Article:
(Reuters) – Pulse oximeters, devices which measure oxygen levels in blood, should not be used to diagnose COVID-19 and could give inaccurate readings under certain circumstances, the U.S. Food and Drug Administration warned on Friday.
In January, the World Health Organization included use of pulse oximeter to identify patients who might need hospitalization in its clinical advice for treating COVID-19.
But the FDA said the devices cannot be used to diagnose or rule out COVID-19, and generally it recommended not relying on them to assess health.
It recommended paying attention to other indicators of low oxygen, such as blueness of the face or a racing pulse.
The U.S. health agency said the device might be “useful” for estimating blood oxygen levels, but multiple factors can affect the accuracy of a pulse oximeter reading, such as poor circulation, skin pigmentation, skin thickness, skin temperature, current tobacco use and use of fingernail polish.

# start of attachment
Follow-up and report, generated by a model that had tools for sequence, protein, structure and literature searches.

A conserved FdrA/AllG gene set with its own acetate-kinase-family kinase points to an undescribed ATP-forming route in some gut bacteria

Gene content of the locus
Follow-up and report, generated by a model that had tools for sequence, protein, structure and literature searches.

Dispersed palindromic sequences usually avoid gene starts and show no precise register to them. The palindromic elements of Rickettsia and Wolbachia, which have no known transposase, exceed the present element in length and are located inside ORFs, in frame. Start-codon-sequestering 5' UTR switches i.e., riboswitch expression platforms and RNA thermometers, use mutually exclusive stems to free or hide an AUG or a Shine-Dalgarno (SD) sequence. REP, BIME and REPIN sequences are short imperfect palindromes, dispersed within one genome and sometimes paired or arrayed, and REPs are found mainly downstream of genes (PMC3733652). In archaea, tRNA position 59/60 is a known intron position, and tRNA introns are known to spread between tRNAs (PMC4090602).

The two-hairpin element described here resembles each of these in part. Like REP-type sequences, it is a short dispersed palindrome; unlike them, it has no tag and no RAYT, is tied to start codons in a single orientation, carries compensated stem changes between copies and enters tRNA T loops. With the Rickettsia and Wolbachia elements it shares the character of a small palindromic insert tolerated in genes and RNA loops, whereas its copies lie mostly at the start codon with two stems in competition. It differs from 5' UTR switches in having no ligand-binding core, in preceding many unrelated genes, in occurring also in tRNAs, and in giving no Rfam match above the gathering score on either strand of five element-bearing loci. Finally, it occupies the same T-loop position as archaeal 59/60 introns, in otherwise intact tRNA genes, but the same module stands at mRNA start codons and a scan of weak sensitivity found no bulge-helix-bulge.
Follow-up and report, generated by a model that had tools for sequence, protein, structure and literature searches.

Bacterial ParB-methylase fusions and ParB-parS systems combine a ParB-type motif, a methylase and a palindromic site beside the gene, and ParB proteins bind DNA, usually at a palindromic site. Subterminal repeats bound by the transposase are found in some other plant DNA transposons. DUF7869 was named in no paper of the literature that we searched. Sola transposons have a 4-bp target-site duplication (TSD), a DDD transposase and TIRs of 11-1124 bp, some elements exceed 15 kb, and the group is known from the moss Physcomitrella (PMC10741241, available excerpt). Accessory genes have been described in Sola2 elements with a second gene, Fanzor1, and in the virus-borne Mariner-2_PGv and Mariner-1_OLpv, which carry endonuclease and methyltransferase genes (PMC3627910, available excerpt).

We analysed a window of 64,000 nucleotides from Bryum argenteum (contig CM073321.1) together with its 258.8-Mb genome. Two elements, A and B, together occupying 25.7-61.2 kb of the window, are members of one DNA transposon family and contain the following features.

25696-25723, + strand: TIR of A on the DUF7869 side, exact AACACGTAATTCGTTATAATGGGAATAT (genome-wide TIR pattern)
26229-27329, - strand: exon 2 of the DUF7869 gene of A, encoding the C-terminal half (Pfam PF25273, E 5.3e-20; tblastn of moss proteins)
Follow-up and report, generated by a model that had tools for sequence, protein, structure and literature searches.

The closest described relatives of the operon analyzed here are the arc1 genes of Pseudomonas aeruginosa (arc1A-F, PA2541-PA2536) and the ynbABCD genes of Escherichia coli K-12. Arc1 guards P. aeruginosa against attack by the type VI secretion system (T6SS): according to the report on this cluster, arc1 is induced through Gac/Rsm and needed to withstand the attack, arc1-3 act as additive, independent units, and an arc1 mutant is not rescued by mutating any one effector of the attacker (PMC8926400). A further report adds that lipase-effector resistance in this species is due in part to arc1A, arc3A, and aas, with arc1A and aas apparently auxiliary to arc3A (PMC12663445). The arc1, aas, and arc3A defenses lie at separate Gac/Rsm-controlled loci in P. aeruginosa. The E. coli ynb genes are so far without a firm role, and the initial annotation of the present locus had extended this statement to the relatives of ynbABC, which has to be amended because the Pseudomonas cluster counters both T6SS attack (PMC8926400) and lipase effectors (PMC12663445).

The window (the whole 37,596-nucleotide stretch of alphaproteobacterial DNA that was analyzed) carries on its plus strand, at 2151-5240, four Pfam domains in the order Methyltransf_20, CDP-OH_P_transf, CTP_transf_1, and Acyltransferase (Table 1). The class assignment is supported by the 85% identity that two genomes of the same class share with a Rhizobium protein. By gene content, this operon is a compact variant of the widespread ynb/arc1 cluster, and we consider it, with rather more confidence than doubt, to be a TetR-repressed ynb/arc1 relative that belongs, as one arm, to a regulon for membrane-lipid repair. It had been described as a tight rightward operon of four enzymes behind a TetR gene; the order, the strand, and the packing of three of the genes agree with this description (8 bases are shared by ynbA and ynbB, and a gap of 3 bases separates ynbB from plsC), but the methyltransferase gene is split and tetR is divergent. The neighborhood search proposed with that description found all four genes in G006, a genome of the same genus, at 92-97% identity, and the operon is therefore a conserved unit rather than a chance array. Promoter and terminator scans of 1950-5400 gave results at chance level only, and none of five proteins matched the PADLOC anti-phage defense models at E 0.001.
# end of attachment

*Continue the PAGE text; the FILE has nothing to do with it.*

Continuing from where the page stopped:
The warnings come nearly two months after a study published in New England Journal of Medicine showed that the device was three times more likely to give misleading readings among African-American patients.
During the pandemic, the devices have also become a widely sold item online, used by people to monitor their own oxygen levels at home.
However, over-the-counter oximeters sold in stores or online do not undergo FDA review and are not intended for medical purposes, the agency said.
(Reporting by Mrinalika Roy in Bengaluru; Editing by Arun Koyyur)